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(IDW) Interpolated Heatmap Layer for mapbox-gl ✨

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JSR Score
47%
Published
2 months ago (0.8.0)

Mapbox :: Interpolated Heatmap(s)

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InterpolateHeatmapLayer is a minimalist JavaScript library for rendering temperature maps (or interpolate heatmaps) with Mapbox GL JS. This library was greatly inspired by the temperature-map-gl library, and depends on Earcut.

Currently, Mapbox provides a heatmap layer that represent the density of points in an area, like on this picture:

Density heatmap

This library aims at providing a heatmap that can define a color to any location by making an average of the values of the surroundings points, like on this picture:

Average heatmap

Except a JavaScript pre-processing step, all computation is made with WebGL shaders.

Examples

A live demo showing the global temperature is available here, described here.

Install

  • Browser:

    • Import the library before the script using it:

      <body>
        <div id="map"></div>
        <script src="mapbox-gl-interpolate-heatmap.cjs.js"></script>
        <script src="map.js"></script>
      </body>
      
    • Create the Mapbox map and add the layer created by interpolateHeatmapLayer.create():

    // map.js
    
    const map = new mapboxgl.Map({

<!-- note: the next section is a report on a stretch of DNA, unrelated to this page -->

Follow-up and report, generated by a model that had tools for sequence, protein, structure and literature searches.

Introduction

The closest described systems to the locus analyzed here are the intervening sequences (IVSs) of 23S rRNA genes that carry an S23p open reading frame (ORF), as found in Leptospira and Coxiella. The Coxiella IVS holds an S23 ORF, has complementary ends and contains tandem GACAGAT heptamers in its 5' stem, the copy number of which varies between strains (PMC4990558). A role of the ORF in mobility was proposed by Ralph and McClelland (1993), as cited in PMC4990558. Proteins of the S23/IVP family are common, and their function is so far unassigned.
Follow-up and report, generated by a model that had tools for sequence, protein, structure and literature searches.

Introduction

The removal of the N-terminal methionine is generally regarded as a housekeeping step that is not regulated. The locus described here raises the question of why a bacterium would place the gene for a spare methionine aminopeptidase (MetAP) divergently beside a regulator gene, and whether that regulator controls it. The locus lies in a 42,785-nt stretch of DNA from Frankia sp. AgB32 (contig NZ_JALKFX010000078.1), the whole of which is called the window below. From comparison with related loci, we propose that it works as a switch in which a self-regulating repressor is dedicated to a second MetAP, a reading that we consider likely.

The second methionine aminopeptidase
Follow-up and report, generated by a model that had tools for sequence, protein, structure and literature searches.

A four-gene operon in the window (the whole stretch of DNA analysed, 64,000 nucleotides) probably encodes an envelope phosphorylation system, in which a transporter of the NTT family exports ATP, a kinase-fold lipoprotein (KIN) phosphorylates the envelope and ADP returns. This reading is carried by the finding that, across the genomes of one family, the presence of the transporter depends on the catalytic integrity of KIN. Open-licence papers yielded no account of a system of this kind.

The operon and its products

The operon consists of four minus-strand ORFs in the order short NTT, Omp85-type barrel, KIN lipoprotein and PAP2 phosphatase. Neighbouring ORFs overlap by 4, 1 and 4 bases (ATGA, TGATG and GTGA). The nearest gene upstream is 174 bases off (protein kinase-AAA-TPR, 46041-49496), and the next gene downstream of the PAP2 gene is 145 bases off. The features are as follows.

container: 'map',
      style: 'mapbox://styles/mapbox/light-v10',
    });
    
    map.on('load', () => {
      const layer = new MapboxInterpolateHeatmapLayer({
        // parameters here
      });
      map.addLayer(layer);
    });
    
  • NPM:

    npm install mapbox-gl-interpolate-heatmap
    
    import { MapboxInterpolateHeatmapLayer } from 'mapbox-gl-interpolate-heatmap';
    
    const map = new mapboxgl.Map({
      container: 'map',
      style: 'mapbox://styles/mapbox/light-v10',
    });
    
    map.on('load', () => {
      const layer = new MapboxInterpolateHeatmapLayer({
        // parameters here
      });
      map.addLayer(layer);
    });
    

Usage

The new MapboxInterpolateHeatmapLayer() function has the following parameters:

  • data: An array of points, each point being an object containing a latitude lat, a longitude lon, and a value val. Example:

    data = [
      {
        lat: 62.470663,
        lon: 6.176846,
        val: 16,
      },
      {
        lat: 48.094903,
        lon: -1.371596,
        val: 20,
      },
    ];
    

    Since Mapbox uses the Web Mercator projection that projects the poles at infinity, remember to define the latitude within -85° and 85°. Default value: [].

  • id: unique Mapbox layer name. Default value: ''.

  • opacity: a number between 0 and 1 describing the transparency of the color. Default value: 0.5.

  • minValue: define the value corresponding to the blue color. When it's not defined, the lowest value of points is represented by the blue color. If some value of points is lower than minValue, minValue takes this value. Default value: Infinity.

  • maxValue same, but for the red color. Default value: -Infinity.

  • framebufferFactor: number between 0 and 1. In short, if the framebuffer factor is around 0, the computation will be faster but less accurate. Take a look at the technical explanation part if you want to know what exactly this parameter is. Default value: 0.3.